Translated by Alan Bernheimer
City Lights Books ($10)
by John Toren
Philippe Soupault, along with Louis Aragon and André Breton, was one of the "three musketeers" of the Surrealist movement. His brief memoir of those heady times of artistic creativity and incendiary intellectual revolt appeared in France in 1963, but it has only now been translated into English. Should we care?
Well, all such "present at the creation" memoirs carry a certain interest because the tone is anecdotal rather than scholarly, the judgments strikingly personal rather than sourly academic, and the form reflective rather than narrative or analytic. Soupault's memoir would not be out of place in the company of such minor classics as Ambroise Vollard's Recollections of a Picture Dealer, Manuel Rosenthal's Satie, Ravel, Poulenc, Jean Cocteau's Professional Secrets, or even Ernest Hemingway's A Moveable Feast.
Soupault's own poetry has been described by Paul Auster, in the introduction to the Random House Book of Twentieth Century French Poetry, as displaying a charm and humility that's often absent from Surrealist work. This memoir exhibits the same qualities. Soupault has a kind word for everyone (unlike Hemingway, for example) and tiptoes around his impressions, layering his observations in an almost Proustian fashion.
In his discussions of the origins of Dada, for example, Soupault emphasizes how he and others only gradually came to realize that the content of their manifestos was less important than the public's negative reaction to them: “The insults that were abundantly hurled at us in every tone, not to mention the rotten eggs, tomatoes, and pieces of meat, persuaded us that we were on the right path.” Yet he doesn't shrink from emphasizing that the Dadaists goal was nothing short of a moral critique of post-World War I society, and he suggests that in more recent times "the reign of the absurd" might still have an important role to play.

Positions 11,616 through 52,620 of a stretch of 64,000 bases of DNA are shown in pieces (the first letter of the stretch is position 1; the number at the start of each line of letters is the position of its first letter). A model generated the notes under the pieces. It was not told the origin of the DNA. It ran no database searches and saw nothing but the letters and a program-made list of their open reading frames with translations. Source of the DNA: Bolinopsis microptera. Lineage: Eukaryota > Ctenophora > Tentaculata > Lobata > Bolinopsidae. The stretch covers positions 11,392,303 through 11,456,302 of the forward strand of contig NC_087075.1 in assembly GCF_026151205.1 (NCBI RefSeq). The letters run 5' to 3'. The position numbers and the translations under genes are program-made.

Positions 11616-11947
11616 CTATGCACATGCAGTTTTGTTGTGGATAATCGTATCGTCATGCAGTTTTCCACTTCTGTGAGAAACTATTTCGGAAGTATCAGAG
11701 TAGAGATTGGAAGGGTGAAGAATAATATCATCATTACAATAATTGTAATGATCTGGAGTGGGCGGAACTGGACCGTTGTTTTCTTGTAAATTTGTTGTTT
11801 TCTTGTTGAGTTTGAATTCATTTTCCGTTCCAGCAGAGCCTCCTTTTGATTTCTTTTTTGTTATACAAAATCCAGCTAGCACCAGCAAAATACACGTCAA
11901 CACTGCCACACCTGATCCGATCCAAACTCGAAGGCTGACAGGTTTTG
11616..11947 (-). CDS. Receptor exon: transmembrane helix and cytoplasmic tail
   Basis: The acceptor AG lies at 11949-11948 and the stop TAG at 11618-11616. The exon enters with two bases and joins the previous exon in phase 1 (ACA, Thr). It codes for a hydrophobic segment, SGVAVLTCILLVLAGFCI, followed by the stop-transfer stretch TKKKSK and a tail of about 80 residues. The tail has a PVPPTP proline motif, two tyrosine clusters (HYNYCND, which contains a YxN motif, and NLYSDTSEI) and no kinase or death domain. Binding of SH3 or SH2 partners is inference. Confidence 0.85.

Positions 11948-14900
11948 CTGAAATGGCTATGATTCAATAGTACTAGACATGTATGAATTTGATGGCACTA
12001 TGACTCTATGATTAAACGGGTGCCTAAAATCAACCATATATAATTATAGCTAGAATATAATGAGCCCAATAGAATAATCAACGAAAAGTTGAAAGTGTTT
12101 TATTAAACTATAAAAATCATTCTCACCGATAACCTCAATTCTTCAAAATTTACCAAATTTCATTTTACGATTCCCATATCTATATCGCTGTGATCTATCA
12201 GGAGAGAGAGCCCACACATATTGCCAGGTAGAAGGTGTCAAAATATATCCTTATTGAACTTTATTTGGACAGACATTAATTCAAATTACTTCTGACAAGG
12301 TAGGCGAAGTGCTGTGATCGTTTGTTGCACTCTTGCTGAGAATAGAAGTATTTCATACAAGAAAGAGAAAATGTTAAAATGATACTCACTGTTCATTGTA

But Soupault's reminiscences range well beyond the movements referred to in the book's subtitle, spanning the decades from Apollinaire and Proust to Georges Bernanos and the painter Henri Rousseau. He recalls, for example, that the poet Pierre Reverdy's “gaze was as disturbing as his smile because it pinned you, like a butterfly pinned to a corkboard."
Reverdy's conversational style was similarly unusual. Soupault describes their first meeting as follows:
I made no secret of my admiration, which, though it astonished him, he judged to be sincere. But he didn’t give me a chance to talk about it. When it was his turn to speak (and he took the first turn in any conversation), he did not readily relinquish it. When I ventured to agree with him, he cut me off and said most sincerely and without any irony, “Please, let me get a word in . . . " The only thing to do was to keep quiet.
The accumulation of choice details leaves us with the impression that at an advanced age, Soupault continued to look back on the past fondly—and to inhabit, in his own quiet way, the world that had been explosively dramatized decades earlier by Dada and Surrealism, wherein events counted for more than aesthetic artifacts. Or as Blaise Cendrars had taught him, "You have to live poetry before you write it; writing, that was superfluous."